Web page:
Brighton steakhouse The Coal Shed (sister restaurant to Brighton’s The Salt Room) has opened its first London location in the plush One Tower Bridge development. This bigger and sleeker take on the original boasts a separate cocktail bar and a private dining room. Interiors are dark and moody, with deep brown walls and emerald green banquettes, while knowledgeable, chatty staff are buttoned up in dark blue shirts. Cuts of the day are written on blackboards to share among big groups, but when dining for two we’d recommend the à la carte. Starters prioritise the restaurant’s seafood offering with the likes of jerk salmon and Orkney scallop, but we were impressed by charred octopus, pepped up with Asian influences such as cubes of daikon and strings of kombu seaweed. For the main event, 35-day aged Scottish steaks come in sirloin and ribeye form among others, with our perfectly cooked fillet joined by accomplished sides, including crispy onion rings, thick triple-cooked beef dripping chips and delicious coal-roasted carrots topped with crème fraîche and sumac. If you’ve got any room left, we’d recommend the dessert ‘small plates’ – toasted marshmallows, doughnuts oozing with warm custard, and salted-caramel ice-cream cones. A strong and varied drinks list caters for both the frugal and big-spenders, while cocktails make use of the resurging classics, such as rum and gin. Head here on a Sunday to sample the ‘sharing roast’ with all the trimmings ­– watch out Hawksmoor, you’ve got competition.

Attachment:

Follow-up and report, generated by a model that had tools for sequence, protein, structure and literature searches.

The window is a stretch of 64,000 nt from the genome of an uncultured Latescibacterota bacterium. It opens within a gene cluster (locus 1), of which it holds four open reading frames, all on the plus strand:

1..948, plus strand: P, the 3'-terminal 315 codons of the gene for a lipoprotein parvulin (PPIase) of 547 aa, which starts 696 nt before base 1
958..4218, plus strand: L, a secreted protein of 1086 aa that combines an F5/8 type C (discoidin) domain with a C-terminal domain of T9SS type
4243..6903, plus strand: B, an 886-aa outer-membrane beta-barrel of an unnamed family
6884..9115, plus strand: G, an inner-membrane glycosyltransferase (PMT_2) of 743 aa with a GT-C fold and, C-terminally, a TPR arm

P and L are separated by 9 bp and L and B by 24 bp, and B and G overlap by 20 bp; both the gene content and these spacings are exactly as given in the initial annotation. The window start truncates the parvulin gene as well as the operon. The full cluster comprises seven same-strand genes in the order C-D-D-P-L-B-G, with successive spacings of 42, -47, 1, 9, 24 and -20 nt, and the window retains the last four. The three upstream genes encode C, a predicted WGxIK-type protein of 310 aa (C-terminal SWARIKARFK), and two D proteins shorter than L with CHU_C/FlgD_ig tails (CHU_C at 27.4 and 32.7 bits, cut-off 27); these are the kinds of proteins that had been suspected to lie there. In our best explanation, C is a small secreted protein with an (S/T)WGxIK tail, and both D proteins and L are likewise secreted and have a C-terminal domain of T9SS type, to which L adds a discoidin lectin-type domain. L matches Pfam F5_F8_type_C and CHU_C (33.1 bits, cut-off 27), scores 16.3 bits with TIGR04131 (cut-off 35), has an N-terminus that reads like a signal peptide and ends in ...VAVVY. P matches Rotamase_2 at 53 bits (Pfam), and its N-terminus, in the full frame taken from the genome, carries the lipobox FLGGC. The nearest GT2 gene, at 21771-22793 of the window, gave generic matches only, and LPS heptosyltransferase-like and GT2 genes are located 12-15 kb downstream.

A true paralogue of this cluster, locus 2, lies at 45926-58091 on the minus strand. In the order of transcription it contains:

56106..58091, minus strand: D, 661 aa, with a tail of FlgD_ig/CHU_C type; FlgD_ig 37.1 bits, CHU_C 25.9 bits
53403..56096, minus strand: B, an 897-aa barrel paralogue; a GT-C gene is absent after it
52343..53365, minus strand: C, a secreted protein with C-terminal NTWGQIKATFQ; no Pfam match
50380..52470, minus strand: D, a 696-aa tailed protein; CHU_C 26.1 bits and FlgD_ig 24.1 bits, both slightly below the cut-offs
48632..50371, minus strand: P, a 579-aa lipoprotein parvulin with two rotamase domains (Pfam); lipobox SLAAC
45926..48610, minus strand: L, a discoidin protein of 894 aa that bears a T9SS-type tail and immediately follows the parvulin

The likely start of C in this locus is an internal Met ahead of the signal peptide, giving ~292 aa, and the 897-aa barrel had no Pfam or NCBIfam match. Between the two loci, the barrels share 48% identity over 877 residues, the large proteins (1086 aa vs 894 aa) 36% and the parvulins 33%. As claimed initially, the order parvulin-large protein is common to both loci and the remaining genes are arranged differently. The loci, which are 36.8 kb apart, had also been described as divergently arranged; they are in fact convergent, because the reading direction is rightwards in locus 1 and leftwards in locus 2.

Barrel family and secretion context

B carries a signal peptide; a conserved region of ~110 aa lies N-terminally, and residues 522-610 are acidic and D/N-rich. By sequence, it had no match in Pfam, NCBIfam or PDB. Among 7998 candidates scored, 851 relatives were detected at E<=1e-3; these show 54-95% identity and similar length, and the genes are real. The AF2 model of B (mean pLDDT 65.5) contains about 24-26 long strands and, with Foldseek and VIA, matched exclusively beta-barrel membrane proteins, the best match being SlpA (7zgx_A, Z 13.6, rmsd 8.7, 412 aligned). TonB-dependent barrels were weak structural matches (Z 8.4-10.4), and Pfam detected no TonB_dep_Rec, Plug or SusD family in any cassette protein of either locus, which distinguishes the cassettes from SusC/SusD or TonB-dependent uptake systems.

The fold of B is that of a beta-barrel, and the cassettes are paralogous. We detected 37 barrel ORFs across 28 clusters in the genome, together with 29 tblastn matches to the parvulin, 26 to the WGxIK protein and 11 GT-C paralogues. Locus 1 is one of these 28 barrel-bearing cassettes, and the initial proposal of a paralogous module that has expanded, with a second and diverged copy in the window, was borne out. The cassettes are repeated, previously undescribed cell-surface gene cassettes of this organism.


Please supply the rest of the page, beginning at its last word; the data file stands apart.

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Hawksmoor Borough

Hawksmoor Borough

£50 - £79
Steak
British

16 Winchester Walk, London, SE1 9AQ